Style Roseville/Granite Bay/Rocklin - July 2015

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5 B E S T H A P PY H O U R S | A R T S : C H R I S FO S T E R | E S C A P E : P E R U












On the cover: JULY 2015


FreeStyle Clothing Exchange

Ultimate Food, Family & Fun Experience in Roseville Fresh Produce Priced on Average

52% Below Retail

Area’s Largest Farmers Market Amazing Bargains Great Food Hard to Find Treasures FRIDAY


SATURDAY 7am to 3:30pm


7am to 5pm

Try our hand-dipped corn dogs

1551 Vineyard Road Roseville, California 95678


Renew with stem cells?

Come in for a consultation to learn more!

Studies show significant improvement after stem cell procedures in patients with: • Cardiac Disease • Joint Problems • Brain Injury • Diabetes • COPD

New Roseville address as of Jan. 2nd!

Celia Remy, M.D.P.C.


740 Oak Avenue Pkwy., Suite 100


8735 Sierra College Blvd., Suite 200

(916) 508-8640 (916) 797-1131

Celia Remy, M.D.







JULY 2015



Buy Smart, Shop Local 50+ Shopping Tips, Tricks and Trends







10 Get to Know

6 Click 11 What’s Up 14 FYI 16 Local Matters 18 Calendar 20 Outtakes 28 Our Kids

Drisha Leggitt

24 The Arts

Chris Foster

26 He Said/She Said

Managing Marriage and Money

30 Cause & Effect

32 Home Design 46 Swag 48 The Where & Wears 54 Taste 56 Wordplay 64 Introducing 66 Tom’s Take

Gold Country Love on a Leash



50 Escape Peru

52 Dine

Meat and Potatoes

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nap, crackle, pop! No, I’m not talking about the Rice Krispies mascots—I am speaking of the nostalgic sounds of fireworks sweeping the local skies this month in celebration of “life, liberty and the pursuit of happiness.” These, our “inalienable rights,” declared to be ours by the freedom this great country affords us in that famous declaration. This month is not only the best time to patriotically partake in the fun at local fairs, festivals and jubilees, but also “Conformity a fabulous occasion is the jailer of to, you guessed it—go freedom and shopping! Not only are the enemy of there great deals to growth.”—John be found to facilitate F. Kennedy spicing up your summer wardrobe, but also knocking at the door is back-toschool time and the gnawing need of your kiddos to stylishly parade back into the classroom. Think you know the rules of fashion these days? Think again…because there are no rules! In Megan Wiskus’ “Buy Smart, Shop Local: 50+ Shopping Tips, Tricks and Trends,” find top-shelf advice given by area shopping experts and retail store owners for categories running the gamut from items everyone needs in their closet and the best workout accessories to must-have beauty products, pet toys, what to buy the “hostess with the mostess”…and much more. And when your shopping fever subsides, take a break to hydrate at one of the many area Happy Hours spoiling crowds with cheap, but quality, eats and drinks. Where? Flip to Local Matters for a list of Style’s favorite watering holes offering real deals, complete with menu suggestions to gratify any growling. Until next month, stand out in the crowd by shopping (and eating) at locally owned businesses! • — Desiree What’s coming next month? Don’t miss Style’s annual People & Their Pets pictorial, plus much more! Visit for what you can expect to discover in August, only in Style!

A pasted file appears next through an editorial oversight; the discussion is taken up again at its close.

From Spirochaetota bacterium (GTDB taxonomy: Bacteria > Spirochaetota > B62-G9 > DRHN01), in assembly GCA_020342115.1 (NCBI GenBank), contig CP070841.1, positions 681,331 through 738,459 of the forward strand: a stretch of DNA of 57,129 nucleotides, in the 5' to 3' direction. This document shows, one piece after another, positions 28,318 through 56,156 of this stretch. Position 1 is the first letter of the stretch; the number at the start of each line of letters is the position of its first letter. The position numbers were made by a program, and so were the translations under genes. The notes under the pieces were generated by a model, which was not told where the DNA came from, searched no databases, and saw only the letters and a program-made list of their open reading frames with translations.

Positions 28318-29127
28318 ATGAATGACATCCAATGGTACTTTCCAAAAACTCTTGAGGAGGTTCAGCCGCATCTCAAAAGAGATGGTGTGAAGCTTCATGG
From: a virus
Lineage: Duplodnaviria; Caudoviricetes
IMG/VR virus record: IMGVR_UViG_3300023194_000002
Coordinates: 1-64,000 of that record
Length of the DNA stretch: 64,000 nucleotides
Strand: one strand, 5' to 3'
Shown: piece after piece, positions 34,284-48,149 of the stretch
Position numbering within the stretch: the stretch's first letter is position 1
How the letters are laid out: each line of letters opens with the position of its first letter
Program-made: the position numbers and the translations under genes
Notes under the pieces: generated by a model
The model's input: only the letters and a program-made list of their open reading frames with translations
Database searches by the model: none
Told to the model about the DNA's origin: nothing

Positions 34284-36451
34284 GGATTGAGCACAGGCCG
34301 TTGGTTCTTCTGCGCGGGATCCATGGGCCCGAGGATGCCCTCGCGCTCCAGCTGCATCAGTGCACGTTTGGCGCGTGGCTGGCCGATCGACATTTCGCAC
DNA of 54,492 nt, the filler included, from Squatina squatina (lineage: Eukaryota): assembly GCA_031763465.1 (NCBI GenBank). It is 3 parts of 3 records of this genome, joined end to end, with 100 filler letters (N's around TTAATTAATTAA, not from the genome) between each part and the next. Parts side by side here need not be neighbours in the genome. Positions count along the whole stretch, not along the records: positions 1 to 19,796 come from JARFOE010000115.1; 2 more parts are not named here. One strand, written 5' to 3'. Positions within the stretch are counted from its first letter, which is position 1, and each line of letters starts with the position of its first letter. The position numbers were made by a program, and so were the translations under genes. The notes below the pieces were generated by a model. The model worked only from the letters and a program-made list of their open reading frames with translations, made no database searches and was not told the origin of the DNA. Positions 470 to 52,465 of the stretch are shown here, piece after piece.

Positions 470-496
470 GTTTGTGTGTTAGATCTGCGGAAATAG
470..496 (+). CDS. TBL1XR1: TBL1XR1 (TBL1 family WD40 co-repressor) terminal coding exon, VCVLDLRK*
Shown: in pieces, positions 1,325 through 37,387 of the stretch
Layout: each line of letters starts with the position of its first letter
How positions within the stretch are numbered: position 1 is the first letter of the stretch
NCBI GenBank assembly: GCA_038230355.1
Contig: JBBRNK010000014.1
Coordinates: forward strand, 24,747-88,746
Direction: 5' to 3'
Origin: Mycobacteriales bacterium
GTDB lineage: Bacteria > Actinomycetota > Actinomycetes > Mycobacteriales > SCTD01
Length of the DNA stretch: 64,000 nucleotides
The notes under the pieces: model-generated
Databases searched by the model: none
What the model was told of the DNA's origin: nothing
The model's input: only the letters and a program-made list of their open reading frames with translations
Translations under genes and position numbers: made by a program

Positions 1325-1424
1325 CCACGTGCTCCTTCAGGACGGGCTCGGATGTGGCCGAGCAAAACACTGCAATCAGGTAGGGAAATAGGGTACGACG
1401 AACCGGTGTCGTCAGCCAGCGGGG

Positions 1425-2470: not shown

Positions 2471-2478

Cover photo by Dante Fontana at FreeStyle Clothing Exchange. You Can Never Have Too Much Style 10 FOODS TO HELP YOU SHED POUNDS, PLUS RECIPES TOO! International health and wellness expert and writer, Margaux J Rathbun, BS, NTP (Certified Nutritional Therapy Practitioner) has been featured in The Chicago Tribune, Nature & Health Magazine, The Huffington Post,, Muscle & Fitness Magazine, Yahoo News,, She, and many more. This month she shares her advice for living a healthy and happy life.

10 ACNE TREATMENT TIPS FOR PARENTS OF TEENS Is your kid struggling with how to care for their problem skin? If so, heed the advice of Emme Diane, a local skin care expert who specializes in the treatment of acne in both teens and adults.

LOCAL BLOGGERS: SPREAD THE WORD! Blogs run the gamut and speak to pretty much anyone’s interests. Why not check out the offerings of the talent right here in our own backyard? This month, click to find a plethora of local blogs and the gurus behind them. Do you have a blog that we need to know about? Send it to to be featured!


Tina Zanzi

Want to participate in an upcoming Style Magazine reader focus group meeting to assist in planning the future of our monthly editorial content? We want to know what you like, don’t like, and what you want to see more of…so don’t wait, email us NOW at with your name, city of residence and phone number.